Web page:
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Sunday 12 October 2008


Mormons and LGBT Issues

Posted in: Features
By Craig Young - 31st August 2007

mormons.jpg
In New Zealand, the Church of Jesus Christ of the Latter Day Saints hasn't been a frontline opponent of LGBT rights. Not so in the United States, however.

Established by Joseph Smith in 1830, the original Latter Day Saints experienced intense persecution when they tried to settle in Missouri and Illinois, where Smith was martyred by a sectarian mob in 1844. The embryonic LDS community settled in the Territory of Utah, which was governed as a virtual theocracy until 1857. Eventually, Washington and Salt Lake City reconciled, when Utah formally abolished heterosexual polygamy in 1890, although as I've noted in previous articles on the subject, stubborn fundamentalist schismatic LDS-oid sects still exist in Canada and the United States, where polygamy and heterosexual paedophilia are practiced in its stygian desert compounds.

The LDS Church still exerts considerable influence over Mormon life through the office of the President of the Church and its Council of Twelve Apostles. While they believe in the divinity of Christ, they part company with evangelical Christians over the accuracy of the historical testimony of the Prophet Joseph Smith, and have a 'third testament' that consists of the Book of Mormon, Doctrine and Covenants and the Pearl of the Great Price. They believe that Christ visited North America, and that there are lost tribes that recorded the visit, and strongly believe in the sanctity of marriage, now and in the afterlife.

The LDS is socially conservative. It opposed the repeal of Prohibition in the early thirties, the passage of the Equal Rights Amendment in the seventies, and opposes same-sex marriage and physician assisted suicide today.

Insofar as lesbian and gay issues are concerned, the church opposes premarital sex, extramarital sex, and any lesbian or gay sex whatsoever. It sees homosexuality as a 'set of thoughts, feelings and behaviours', not a permanent identity or durable sexual orientation. In the sixties and seventies, the LDS church hierarchy condoned aversion therapy, which led to several gay LDS suicides and resulted in the formation of Affirmation, the largest LDS LGBT group. Many of its membership have joined alternativve LDS communities away from the conservative central authority of the church.

There is a prominent US Mormon Right, represented primarily by "United Families International," a so-called 'family values' organisation, and Professor Lynn Wardle of Brigham Young University, which also has an antigay code of conduct (although it also bans nonmarital heterosexuality). Wardle is a member of the conservative Catholic-dominated Marriage Law Project, and has visited New Zealand in opposition to civil unions and same-sex marriage at the behest of the Maxim Institute.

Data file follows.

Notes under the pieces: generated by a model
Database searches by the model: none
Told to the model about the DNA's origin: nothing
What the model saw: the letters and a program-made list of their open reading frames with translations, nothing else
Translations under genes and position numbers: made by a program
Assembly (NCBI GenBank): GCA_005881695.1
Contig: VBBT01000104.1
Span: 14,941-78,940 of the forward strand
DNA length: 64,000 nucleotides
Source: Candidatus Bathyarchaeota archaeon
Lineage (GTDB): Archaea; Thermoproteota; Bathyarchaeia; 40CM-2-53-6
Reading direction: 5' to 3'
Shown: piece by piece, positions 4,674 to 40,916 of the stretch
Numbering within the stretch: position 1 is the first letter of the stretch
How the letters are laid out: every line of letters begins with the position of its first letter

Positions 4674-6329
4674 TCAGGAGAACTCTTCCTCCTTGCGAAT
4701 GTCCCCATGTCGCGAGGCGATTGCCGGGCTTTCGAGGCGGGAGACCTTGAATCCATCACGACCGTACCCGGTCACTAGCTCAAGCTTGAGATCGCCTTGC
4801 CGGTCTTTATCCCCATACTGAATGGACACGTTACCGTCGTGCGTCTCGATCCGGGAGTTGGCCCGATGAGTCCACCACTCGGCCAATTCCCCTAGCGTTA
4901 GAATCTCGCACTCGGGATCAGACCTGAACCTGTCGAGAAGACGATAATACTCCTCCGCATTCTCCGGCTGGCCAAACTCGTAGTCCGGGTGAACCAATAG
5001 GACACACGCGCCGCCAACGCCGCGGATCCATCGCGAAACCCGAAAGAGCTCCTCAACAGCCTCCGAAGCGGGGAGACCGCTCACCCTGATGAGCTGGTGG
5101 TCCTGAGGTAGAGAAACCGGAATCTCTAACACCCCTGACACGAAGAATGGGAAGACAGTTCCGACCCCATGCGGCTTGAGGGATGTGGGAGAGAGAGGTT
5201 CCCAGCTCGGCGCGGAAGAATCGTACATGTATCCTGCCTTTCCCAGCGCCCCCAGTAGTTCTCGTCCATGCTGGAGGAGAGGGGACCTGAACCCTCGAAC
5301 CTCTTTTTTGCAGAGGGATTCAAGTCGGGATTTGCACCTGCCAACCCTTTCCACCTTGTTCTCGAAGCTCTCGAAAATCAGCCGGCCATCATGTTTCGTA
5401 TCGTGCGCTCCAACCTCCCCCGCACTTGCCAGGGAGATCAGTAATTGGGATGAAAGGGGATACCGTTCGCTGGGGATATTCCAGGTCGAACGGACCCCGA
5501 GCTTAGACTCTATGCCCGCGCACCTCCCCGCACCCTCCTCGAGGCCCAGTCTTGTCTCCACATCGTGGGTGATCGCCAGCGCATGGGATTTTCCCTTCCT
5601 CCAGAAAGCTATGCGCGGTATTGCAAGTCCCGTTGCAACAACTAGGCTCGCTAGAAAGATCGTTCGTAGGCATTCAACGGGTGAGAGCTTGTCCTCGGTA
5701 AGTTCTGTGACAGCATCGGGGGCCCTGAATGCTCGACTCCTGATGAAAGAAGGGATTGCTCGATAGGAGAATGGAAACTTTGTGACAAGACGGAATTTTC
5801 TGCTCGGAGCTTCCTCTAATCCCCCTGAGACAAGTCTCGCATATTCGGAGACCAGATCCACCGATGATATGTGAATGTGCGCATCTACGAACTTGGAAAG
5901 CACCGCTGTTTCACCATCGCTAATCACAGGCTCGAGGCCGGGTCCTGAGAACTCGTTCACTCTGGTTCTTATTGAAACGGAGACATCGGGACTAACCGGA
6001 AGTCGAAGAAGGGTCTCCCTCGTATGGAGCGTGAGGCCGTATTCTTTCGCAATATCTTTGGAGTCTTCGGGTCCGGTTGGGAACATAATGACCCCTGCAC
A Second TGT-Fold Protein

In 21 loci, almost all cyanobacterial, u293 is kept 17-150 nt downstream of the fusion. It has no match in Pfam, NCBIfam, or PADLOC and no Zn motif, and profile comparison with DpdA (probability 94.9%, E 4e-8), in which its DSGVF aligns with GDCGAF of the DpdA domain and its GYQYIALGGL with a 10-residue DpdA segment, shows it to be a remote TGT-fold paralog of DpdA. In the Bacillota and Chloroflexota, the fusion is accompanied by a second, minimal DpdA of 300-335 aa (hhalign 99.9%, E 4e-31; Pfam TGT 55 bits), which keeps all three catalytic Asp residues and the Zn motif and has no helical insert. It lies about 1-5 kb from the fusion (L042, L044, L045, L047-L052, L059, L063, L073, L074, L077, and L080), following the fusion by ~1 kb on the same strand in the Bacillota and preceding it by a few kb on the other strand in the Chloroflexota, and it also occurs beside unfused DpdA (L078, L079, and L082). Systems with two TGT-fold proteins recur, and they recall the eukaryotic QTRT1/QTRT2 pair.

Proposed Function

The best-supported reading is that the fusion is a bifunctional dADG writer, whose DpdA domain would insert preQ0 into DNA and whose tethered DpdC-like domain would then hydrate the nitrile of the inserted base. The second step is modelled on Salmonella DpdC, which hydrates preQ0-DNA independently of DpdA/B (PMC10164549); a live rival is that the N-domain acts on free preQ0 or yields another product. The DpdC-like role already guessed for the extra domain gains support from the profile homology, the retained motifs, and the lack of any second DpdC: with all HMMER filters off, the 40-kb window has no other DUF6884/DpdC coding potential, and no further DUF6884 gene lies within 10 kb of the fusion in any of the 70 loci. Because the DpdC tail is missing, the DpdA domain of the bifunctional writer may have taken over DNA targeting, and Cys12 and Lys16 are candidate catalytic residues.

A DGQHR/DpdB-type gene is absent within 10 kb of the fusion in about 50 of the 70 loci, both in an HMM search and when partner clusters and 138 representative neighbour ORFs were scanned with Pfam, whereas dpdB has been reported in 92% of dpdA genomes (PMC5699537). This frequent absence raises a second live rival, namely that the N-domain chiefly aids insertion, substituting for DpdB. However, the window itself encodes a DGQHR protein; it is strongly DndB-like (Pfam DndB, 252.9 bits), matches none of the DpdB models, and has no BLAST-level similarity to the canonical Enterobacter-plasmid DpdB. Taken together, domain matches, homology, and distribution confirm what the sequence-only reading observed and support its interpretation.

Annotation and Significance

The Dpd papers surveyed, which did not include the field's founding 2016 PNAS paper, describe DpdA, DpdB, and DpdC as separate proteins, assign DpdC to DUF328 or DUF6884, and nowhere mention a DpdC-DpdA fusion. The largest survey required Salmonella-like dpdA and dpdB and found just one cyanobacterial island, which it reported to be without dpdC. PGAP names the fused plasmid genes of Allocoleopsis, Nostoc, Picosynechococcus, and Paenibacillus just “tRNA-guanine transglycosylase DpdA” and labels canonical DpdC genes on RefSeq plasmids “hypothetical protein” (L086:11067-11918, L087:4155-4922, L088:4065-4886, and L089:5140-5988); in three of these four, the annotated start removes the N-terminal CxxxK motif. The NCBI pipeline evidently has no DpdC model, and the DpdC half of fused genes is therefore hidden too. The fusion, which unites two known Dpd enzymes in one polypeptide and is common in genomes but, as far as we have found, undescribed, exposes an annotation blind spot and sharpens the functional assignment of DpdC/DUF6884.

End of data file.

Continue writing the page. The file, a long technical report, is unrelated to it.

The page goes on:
Even relatively literate Mormons are susceptible to this. Sadly, one of them is Orson Scott Card, an excellent science fiction author and...supporter of the Iraqi War, Patriot Act attacks on civil liberties and human rights within the United States, FoxNews, climate change denial, neo-Darwinian evolutionary theory and intelligent design creationism, thinks we should stay in the closet and opposes same-sex marriage. This has led to considerable ructions amongst LGBT SF fandom.

What about New Zealand Mormonism? It isn't all that prominent. Muldoon Cabinet Minister Ben Couch was a Mormon and social conservative, and the New Zealand Church of the Latter-Day Saints branch opposed ratification of the United Nations Convention on Elimination of Discrimination Against Women (CEDAW) in 1983-1984. As well, New Zealand Mormon membership is declining.

Granted, they may be pests when they go door knocking, even if they're shocked to meet a fellow teetotaller who also happens to be a social liberal (!) when they visit me. However, despite the ennui of these visits, they're mostly harmless over here.


Recommended:

Richard and Joan Ostling: Mormon America: The Power and the Promise: San Francisco: HarperSan Franscisco: 1999

United Families International:
http://www.unitedfamilies.org

Orson Scott Card antigay statements:
http://www.ornery.org/essays/warwatch/2004-02-15-1.html
http://www.nauvoo.com/library/card-hypocrites.html

Craig Young - 31st August 2007